Hiring the right salesperson is hard. Keeping one can be harder.
But the extra effort means healthy business at Overland-Park Jeep in Overland Park, Kan., according to its president, Frank Thompson, a 48-year veteran of the automobile business.
Thompson believes that carefully chosen salespeople, proper training and support and fair compensation pay off in the long run.
The ideal salesperson profile? 'We want someone who is motivated to make money and really needs to work,' he says. 'We do not furnish demo cars because then you get someone interested only in having a free car. We want a better grade of person.'
Age can be a factor, but willingness to change is even more important. For instance, salespeople have learned to use computers and the Internet in ways that benefit the dealership. Each salesperson inputs his daily customer information so the manager can use it as a tool to help the person plan the next day's strategy for following up on potential customers.
TRIED AND TRUE
The dealership has developed its own hiring and training program with tried-and-true methods that Thompson says lead to a high retention rate of quality people. Sales applicants are interviewed by four management-level executives, who then compare notes.
The people chosen work closely with management for several weeks before they ever wait on a customer. Picking good entry-level people means that most management openings are filled through promotions.
'All of my sales managers were originally salespeople here,' Thompson says.
Thompson says he pays people well and provides incentives for them to sell more vehicles. New employees are paid a salary during training so that if a manager feels the person needs extra time to learn the job, he is not hurt financially. Salespeople have retirement and profit sharing plans.
'I pay 3 to 5 percent more commission than any dealer in the city,' Thompson says. 'It cuts down on turnover. A lot of dealers change their pay plan from month to month because they resent the salesperson making money. I do not resent them making money. I encourage it.'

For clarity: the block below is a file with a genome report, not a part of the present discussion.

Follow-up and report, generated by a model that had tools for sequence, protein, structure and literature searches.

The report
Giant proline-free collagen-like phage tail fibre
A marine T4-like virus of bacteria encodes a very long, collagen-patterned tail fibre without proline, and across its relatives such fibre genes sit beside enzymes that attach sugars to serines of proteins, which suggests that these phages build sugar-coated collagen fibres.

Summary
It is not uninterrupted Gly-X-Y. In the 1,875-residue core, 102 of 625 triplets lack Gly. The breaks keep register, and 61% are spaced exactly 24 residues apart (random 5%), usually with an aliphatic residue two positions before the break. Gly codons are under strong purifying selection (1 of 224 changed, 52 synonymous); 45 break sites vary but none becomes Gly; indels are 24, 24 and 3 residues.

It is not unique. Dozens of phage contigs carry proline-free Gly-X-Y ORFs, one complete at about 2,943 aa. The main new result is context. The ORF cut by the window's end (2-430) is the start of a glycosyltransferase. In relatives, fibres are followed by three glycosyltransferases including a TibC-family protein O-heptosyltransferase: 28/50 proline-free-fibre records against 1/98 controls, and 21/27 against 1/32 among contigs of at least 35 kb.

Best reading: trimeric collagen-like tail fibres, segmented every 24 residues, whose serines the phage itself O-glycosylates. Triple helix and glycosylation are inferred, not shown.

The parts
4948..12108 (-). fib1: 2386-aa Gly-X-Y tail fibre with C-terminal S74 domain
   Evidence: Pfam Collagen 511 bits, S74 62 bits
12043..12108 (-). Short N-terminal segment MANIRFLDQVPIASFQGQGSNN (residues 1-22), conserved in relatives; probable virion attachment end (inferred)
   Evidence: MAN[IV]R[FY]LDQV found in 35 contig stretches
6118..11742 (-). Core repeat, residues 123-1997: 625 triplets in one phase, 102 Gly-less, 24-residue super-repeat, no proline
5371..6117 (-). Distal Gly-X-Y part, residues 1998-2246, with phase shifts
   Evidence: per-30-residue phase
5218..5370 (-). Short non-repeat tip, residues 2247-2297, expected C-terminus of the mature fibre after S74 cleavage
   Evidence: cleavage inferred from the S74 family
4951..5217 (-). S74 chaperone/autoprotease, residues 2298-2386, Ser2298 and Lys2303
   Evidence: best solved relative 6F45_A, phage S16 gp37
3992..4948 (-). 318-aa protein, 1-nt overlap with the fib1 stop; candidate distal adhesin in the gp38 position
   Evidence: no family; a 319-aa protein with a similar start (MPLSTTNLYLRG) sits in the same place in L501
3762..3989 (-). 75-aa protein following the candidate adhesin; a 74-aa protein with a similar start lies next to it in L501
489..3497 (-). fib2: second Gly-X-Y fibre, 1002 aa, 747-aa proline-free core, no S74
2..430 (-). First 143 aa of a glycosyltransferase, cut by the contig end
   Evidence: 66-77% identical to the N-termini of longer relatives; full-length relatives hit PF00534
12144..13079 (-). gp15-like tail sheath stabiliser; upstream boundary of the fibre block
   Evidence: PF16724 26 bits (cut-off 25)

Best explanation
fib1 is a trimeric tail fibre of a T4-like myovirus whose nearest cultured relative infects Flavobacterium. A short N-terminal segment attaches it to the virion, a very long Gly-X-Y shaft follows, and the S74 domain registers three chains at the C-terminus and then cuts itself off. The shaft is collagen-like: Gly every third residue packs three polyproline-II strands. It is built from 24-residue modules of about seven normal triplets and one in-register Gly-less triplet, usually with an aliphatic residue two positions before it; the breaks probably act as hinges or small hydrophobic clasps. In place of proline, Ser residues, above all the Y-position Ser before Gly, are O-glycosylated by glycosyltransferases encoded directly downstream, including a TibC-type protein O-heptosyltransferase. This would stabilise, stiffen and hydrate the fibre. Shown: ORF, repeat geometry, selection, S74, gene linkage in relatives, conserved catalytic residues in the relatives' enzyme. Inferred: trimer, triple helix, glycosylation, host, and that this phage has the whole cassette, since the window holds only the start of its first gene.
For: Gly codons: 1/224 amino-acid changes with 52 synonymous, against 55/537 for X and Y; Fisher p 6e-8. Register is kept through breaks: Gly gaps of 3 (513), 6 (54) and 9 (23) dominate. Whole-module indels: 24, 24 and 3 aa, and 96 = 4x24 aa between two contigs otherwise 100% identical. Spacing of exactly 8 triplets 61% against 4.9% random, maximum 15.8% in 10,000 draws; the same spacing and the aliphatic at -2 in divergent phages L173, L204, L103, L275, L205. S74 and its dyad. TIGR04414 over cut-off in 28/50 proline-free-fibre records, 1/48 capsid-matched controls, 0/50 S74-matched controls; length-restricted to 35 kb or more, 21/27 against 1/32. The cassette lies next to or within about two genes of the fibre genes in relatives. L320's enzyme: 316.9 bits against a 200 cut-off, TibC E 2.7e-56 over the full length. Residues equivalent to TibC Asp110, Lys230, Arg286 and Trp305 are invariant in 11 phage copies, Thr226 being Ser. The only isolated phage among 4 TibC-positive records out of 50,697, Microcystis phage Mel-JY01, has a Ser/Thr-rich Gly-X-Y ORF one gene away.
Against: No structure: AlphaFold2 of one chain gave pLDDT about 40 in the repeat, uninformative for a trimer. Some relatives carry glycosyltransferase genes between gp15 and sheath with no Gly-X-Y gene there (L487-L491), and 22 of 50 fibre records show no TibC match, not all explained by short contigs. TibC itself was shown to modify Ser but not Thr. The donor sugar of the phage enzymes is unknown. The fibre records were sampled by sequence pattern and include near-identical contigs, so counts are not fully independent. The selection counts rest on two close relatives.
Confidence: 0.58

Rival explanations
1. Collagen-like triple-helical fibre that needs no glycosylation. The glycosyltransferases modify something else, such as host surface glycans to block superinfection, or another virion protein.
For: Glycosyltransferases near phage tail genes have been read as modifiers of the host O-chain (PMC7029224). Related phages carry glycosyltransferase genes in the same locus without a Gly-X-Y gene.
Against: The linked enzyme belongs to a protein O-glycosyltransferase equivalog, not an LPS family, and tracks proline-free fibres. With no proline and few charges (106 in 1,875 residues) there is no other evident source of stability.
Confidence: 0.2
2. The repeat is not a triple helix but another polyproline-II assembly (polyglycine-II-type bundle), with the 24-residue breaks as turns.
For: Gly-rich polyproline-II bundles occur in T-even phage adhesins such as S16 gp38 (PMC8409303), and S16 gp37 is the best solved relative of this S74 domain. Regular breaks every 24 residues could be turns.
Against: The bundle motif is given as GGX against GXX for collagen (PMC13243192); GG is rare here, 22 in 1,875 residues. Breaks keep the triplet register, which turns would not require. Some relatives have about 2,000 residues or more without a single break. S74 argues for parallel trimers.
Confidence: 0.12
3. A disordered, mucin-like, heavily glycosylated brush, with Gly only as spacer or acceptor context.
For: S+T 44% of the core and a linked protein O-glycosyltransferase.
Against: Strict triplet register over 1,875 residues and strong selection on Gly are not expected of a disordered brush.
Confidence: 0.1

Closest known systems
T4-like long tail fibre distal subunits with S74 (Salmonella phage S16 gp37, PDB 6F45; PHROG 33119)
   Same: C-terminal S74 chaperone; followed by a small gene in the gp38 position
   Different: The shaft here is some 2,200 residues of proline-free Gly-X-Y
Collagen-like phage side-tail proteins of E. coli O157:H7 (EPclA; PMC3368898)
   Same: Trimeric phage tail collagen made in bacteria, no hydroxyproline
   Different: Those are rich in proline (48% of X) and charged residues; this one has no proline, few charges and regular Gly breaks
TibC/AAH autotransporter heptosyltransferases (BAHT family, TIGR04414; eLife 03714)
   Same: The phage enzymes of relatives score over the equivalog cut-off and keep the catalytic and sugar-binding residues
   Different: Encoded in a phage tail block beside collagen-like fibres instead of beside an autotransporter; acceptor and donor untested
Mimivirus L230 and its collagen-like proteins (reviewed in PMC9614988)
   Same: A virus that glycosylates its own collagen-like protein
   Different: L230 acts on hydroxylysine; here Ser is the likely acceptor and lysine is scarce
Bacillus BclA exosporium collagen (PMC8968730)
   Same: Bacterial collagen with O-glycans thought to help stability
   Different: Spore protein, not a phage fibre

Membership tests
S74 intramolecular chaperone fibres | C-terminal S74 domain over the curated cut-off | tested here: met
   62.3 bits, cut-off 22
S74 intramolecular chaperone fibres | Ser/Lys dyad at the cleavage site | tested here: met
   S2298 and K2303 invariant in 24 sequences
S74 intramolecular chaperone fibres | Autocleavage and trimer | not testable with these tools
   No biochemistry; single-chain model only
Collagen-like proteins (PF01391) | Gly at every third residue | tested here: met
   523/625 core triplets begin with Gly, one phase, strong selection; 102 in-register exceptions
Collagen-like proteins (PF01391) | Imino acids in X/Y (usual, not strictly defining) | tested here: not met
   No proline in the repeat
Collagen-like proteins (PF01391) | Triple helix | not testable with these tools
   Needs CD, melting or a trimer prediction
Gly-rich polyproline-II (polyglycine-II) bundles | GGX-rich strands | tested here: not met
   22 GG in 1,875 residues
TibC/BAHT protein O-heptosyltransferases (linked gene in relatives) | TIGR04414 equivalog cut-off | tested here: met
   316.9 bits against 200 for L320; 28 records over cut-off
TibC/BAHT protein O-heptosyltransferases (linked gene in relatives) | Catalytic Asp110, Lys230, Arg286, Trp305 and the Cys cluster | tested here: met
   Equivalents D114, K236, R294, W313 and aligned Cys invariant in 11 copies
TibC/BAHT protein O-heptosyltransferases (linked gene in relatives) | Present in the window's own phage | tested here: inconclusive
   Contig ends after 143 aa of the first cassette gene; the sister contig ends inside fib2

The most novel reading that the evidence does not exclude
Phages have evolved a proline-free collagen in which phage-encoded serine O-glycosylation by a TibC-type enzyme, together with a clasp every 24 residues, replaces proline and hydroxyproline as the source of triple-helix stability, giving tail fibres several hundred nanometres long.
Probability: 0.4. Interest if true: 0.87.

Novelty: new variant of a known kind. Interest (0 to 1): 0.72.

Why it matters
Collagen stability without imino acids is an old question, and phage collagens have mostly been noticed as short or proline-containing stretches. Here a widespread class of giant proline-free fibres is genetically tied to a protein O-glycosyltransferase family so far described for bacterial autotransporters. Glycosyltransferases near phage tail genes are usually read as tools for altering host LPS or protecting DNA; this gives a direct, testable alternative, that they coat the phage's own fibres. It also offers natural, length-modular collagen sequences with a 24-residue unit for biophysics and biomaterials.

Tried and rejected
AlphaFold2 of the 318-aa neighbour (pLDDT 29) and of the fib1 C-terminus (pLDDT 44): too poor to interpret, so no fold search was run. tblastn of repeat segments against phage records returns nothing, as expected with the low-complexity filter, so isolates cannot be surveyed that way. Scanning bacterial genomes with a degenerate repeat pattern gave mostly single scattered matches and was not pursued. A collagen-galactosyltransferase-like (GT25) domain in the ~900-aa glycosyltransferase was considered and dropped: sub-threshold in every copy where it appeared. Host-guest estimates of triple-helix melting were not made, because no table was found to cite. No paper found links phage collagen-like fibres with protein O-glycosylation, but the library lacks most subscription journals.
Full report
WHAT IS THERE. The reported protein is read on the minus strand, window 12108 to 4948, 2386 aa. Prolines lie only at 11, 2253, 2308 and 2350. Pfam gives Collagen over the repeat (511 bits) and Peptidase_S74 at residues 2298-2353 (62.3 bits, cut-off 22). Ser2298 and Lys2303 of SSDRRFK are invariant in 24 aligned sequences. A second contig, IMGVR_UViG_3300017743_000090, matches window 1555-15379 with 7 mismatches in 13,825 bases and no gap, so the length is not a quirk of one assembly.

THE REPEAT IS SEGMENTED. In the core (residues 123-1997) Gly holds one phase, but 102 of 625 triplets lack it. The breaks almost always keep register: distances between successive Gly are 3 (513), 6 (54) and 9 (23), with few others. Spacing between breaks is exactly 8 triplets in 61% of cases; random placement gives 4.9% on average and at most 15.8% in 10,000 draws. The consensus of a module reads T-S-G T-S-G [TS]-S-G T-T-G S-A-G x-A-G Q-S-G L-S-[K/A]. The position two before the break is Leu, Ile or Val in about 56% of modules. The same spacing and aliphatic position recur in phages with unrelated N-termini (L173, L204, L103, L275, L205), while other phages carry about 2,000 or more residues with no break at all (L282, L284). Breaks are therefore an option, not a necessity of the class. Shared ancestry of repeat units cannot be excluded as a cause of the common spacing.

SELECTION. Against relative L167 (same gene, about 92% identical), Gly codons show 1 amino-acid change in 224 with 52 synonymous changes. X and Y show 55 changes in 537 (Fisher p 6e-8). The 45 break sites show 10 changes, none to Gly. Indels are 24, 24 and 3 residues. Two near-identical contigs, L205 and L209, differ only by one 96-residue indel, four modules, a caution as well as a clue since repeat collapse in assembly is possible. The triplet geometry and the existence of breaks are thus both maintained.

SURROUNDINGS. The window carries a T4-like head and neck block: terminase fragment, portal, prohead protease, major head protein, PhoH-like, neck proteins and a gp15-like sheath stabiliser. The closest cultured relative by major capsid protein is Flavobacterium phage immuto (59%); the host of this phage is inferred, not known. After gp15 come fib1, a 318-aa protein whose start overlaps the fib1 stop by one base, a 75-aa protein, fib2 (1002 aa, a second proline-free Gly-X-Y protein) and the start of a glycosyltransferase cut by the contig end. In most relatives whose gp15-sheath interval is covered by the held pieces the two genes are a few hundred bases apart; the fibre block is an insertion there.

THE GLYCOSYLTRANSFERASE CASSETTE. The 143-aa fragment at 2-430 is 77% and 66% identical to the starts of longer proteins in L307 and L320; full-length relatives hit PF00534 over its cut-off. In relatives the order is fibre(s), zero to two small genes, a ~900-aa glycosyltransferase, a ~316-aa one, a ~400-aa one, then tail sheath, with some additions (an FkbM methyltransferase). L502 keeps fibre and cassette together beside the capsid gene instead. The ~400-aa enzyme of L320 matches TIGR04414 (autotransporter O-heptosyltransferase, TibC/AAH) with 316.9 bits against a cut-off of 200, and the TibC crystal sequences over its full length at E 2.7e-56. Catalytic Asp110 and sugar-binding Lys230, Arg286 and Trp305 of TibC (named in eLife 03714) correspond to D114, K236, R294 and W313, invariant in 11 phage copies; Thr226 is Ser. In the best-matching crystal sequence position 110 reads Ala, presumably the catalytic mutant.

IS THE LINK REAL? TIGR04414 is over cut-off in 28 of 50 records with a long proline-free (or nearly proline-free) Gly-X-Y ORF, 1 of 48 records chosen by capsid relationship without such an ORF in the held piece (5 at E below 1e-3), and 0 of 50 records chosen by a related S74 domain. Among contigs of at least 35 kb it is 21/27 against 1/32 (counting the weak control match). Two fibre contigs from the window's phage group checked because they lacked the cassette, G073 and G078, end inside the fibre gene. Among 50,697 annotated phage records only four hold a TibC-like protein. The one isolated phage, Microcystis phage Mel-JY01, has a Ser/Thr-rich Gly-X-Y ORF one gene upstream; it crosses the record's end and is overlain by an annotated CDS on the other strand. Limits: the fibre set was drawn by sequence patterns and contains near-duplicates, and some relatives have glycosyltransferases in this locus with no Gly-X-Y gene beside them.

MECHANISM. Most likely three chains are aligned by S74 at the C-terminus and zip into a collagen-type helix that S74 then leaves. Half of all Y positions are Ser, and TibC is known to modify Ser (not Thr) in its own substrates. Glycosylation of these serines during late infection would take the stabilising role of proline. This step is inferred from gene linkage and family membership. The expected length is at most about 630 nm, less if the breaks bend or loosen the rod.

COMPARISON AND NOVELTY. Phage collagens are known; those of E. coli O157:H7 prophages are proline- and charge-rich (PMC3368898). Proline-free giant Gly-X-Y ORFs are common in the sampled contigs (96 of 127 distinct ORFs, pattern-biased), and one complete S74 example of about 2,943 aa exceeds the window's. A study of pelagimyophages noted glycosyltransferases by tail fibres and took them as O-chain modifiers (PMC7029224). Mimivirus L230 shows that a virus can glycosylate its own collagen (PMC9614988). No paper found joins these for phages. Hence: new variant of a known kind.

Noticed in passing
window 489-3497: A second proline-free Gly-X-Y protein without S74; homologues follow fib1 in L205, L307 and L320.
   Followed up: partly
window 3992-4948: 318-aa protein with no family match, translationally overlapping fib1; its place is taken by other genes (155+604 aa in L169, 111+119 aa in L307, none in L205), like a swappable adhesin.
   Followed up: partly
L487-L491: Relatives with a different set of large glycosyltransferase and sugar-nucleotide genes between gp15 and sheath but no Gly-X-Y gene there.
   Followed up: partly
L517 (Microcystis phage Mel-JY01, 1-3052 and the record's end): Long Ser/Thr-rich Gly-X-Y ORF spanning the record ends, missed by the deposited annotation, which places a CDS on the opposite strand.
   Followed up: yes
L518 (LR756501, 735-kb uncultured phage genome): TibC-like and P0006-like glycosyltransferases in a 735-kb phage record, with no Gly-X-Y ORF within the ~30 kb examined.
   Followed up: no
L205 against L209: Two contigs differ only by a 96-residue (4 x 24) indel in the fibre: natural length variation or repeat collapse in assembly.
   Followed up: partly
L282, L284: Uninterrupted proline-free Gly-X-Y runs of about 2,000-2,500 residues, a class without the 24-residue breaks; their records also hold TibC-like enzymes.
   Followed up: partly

Chrysler supports the dealership by requiring that each salesperson be recertified annually in product knowledge. Training videos and other materials are supplied to help employees learn the vehicles from top to bottom. Salespeople who are not up to date on their certification are not eligible for any Chrysler sales incentives.
On the local level, Overland-Park Jeep provides a cash award to the salesperson deemed the most pleasant and helpful by a mystery shopper at an annual auto show.
The pressure to perform can create a lot of stress, which sometimes requires extra dealer support.
'We talk to the salesman about each car deal, coach them and do everything we can to make a deal,' Thompson says. 'If a car is here too long, we put a bonus on it.'
If a salesperson's production is not on track for the month, the dealership works with the person to find ways to improve performance. 'We never criticize or talk to them in front of others. Instead, we spend a lot of time with them discussing specific strategies,' Thompson says.
Overall, he says the Overland-Park Jeep employee strategy is working.
'You make some mistakes in hiring, but usually not,' he says. 'We analyze our program and change it as needed.'